I have it on good authority that, to put things in terms of properties, interpretations of quantum mechanics would agree that an electron possess mass and total spin (and electronic charge?) before observation. But whether it possess position, momentum, angular momentum, etc. is up to the interpretation.
I'd think having at least one classical property at a given time is enough for a thing to exist at that time.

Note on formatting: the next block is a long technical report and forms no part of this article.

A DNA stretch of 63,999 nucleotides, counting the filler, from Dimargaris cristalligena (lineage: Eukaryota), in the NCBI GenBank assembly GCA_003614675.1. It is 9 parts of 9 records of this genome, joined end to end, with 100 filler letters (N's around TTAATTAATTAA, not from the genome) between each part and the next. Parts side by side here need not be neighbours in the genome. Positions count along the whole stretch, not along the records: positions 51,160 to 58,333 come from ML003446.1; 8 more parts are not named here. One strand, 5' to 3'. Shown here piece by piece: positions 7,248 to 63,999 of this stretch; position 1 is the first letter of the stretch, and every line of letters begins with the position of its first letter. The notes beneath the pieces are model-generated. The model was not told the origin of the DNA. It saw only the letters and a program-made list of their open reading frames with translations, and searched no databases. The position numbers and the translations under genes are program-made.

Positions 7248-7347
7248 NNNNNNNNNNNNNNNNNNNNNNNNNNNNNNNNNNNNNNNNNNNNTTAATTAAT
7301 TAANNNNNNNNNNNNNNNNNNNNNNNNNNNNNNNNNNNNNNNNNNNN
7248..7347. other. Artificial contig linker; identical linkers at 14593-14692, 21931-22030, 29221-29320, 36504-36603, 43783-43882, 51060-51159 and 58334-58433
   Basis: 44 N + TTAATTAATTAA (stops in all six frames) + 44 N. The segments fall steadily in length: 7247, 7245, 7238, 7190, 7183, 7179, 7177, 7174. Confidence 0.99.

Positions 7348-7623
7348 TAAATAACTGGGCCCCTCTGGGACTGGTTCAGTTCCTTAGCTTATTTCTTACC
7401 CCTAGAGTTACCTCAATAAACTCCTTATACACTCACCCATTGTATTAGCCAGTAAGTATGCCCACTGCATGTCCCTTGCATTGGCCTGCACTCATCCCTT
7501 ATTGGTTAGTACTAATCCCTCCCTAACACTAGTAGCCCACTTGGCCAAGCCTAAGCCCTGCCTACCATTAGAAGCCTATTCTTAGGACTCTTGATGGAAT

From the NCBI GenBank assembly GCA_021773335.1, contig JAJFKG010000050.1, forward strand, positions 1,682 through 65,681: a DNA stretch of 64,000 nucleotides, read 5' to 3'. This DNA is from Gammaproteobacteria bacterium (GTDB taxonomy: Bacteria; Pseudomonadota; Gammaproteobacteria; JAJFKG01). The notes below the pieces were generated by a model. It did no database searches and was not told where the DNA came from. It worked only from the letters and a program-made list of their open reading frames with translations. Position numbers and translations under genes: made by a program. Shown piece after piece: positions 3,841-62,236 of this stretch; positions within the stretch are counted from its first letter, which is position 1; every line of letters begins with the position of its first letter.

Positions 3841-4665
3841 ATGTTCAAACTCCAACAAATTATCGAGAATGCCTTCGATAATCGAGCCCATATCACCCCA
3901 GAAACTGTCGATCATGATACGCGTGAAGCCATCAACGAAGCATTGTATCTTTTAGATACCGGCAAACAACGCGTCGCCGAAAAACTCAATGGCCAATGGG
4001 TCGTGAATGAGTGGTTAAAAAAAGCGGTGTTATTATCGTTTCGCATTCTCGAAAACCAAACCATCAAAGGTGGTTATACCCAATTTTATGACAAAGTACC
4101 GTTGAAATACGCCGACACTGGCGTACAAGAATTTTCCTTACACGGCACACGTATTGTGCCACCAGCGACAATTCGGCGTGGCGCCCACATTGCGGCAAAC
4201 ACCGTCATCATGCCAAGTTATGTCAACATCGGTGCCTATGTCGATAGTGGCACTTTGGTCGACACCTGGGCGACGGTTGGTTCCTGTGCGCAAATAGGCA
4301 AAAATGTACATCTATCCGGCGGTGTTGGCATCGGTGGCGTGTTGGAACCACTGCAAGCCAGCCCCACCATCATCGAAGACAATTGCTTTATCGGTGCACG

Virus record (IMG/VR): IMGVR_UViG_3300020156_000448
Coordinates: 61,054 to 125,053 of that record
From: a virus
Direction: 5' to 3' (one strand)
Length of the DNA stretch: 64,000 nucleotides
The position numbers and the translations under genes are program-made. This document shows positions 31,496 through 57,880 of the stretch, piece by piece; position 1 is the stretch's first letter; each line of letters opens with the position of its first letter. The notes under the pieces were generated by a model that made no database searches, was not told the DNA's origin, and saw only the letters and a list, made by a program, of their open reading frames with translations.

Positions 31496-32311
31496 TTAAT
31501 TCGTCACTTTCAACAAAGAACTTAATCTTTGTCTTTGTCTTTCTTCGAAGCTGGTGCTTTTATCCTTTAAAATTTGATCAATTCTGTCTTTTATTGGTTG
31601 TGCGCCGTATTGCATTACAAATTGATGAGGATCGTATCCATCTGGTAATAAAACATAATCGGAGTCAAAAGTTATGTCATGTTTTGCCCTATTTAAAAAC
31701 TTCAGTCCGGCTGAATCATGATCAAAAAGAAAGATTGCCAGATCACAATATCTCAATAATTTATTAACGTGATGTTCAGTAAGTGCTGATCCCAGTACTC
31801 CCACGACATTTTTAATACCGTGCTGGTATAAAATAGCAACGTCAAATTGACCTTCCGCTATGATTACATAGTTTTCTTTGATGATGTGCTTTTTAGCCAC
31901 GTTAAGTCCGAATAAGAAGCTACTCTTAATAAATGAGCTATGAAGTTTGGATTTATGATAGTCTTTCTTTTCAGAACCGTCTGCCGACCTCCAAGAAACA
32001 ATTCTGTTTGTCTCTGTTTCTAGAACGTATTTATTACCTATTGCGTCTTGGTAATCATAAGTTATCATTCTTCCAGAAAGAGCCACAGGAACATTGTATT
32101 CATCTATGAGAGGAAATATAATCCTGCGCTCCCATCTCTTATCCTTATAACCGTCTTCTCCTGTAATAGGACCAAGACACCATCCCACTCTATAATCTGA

A conceptual trick is that if a thing (such as a pair of particles in the singlet state) doesn't possess the property of position, then you can't think of it as being contained within space, before observation.
Thus, non-locality isn't a problem, and realism is safe from Bell inequalities. :-)